Does weed expire? How to decide whether to puff or pass
There’s truly nothing like enjoying fresh weed. The pungent and enticing aroma, the bright green hues, and the smooth smoke are simply exquisite. But not everyone is lucky enough to have bud straight from the source, leading some to wonder: does weed expire?
It’s pretty rare for marijuana to “go bad” like a carton of milk or last week’s leftovers. What’s more likely is that cannabis flower will degrade, becoming less potent due to the loss of active ingredients like cannabinoids and terpenes. However, it is possible for bud to develop mold, particularly in overly humid conditions.
Keeping weed fresh is all about storage. From the type of container to where you place your stash, several factors can affect the shelf life of your cannabis. If you want to keep your bud the best it can be, there are plenty of ways to do so.
How long does cannabis stay fresh?
In the best conditions and with proper storage, cannabis can stay fresh for six months to a year or more. However, one wrong move could spell disaster for your beautiful buds.
The path to perfect cannabis begins just after harvest. Excess water escapes from buds in a drying period. Curing takes place after. Like a fine wine, properly-aged cannabis has a richer flavor and offers a more enjoyable experience.
During the dry and cure phases, moisture makes cannabis susceptible to mold. Mildew can spread quickly and ruin a crop if the environment is too humid and airflow is stagnant. Smoking moldy weed is extremely dangerous, especially for medical patients, and can lead to severe lung infections. This is the only time when the answer to “does weed expire” is a resounding “yes.”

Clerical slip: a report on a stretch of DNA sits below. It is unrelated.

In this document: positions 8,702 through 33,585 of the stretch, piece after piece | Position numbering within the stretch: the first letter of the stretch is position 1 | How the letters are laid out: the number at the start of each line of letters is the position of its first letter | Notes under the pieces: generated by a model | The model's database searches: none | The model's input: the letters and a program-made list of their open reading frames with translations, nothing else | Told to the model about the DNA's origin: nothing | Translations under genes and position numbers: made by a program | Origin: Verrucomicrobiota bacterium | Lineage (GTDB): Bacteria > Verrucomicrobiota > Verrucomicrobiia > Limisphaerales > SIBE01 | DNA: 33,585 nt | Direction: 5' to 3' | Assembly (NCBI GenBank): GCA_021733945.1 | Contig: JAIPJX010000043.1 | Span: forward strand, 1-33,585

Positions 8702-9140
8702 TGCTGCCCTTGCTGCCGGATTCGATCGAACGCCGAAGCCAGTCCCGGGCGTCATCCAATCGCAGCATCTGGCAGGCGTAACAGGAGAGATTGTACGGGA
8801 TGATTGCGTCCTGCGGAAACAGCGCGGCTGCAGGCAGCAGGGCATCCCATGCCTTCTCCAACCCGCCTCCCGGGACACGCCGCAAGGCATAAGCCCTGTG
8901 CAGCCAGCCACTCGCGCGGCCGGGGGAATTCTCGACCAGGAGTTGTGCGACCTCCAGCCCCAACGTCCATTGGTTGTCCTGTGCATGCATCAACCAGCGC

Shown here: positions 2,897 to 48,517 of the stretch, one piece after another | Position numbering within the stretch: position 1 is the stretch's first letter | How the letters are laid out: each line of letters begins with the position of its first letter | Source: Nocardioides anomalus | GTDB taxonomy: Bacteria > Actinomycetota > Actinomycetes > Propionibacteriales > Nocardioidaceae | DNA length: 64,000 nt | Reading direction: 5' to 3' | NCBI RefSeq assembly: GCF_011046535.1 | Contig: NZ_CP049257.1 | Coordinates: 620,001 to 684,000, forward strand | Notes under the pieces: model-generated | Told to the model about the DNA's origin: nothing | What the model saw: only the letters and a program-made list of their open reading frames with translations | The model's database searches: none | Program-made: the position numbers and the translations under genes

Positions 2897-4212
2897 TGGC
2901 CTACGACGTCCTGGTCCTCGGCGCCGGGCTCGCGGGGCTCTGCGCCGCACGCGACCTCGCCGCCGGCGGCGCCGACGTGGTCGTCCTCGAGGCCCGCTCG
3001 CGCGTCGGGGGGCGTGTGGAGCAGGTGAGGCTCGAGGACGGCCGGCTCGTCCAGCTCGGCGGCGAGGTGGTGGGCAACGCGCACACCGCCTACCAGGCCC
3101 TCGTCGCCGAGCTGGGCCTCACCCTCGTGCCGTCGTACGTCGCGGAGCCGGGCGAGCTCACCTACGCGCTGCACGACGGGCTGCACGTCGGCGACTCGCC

Fortunately, once buds make it through the dry and cure stages, the risk of mold dwindles. Also, most licensed cannabis is tested for pathogens to ensure consumer safety. At that point, it’s more about potency and quality than pathogens.
The best way to store your weed
Store cannabis in an airtight container in a cool, dark place. It should also be out of reach of children and pets, preferably in a locked cupboard or box.
Direct exposure to UV rays from the sun or bright lights can cause bud to lose potency. The THC will oxidize and turn into something called CBN. This cannabinoid is less psychoactive than THC, meaning you may not get the experience you were hoping for when lighting up that joint.
Jars or containers that are opaque and kept out of the light are the best way to prevent oxidation. While many people like mason jars, they may not keep the UV rays away.
Dry weed is also less than desirable. If left out or in a loose baggie or container, the air can cause bud to dry out. When this happens, the terpenes evaporate. These are the compounds responsible for the flavor, aroma, and overall effects of cannabis.
If terpenes disappear, cannabis is bland and less potent. Some people use two-way humidity control packs from Boveda or TerpLoc containers from Grove Bags to keep weed fresh and enjoyable for the long haul.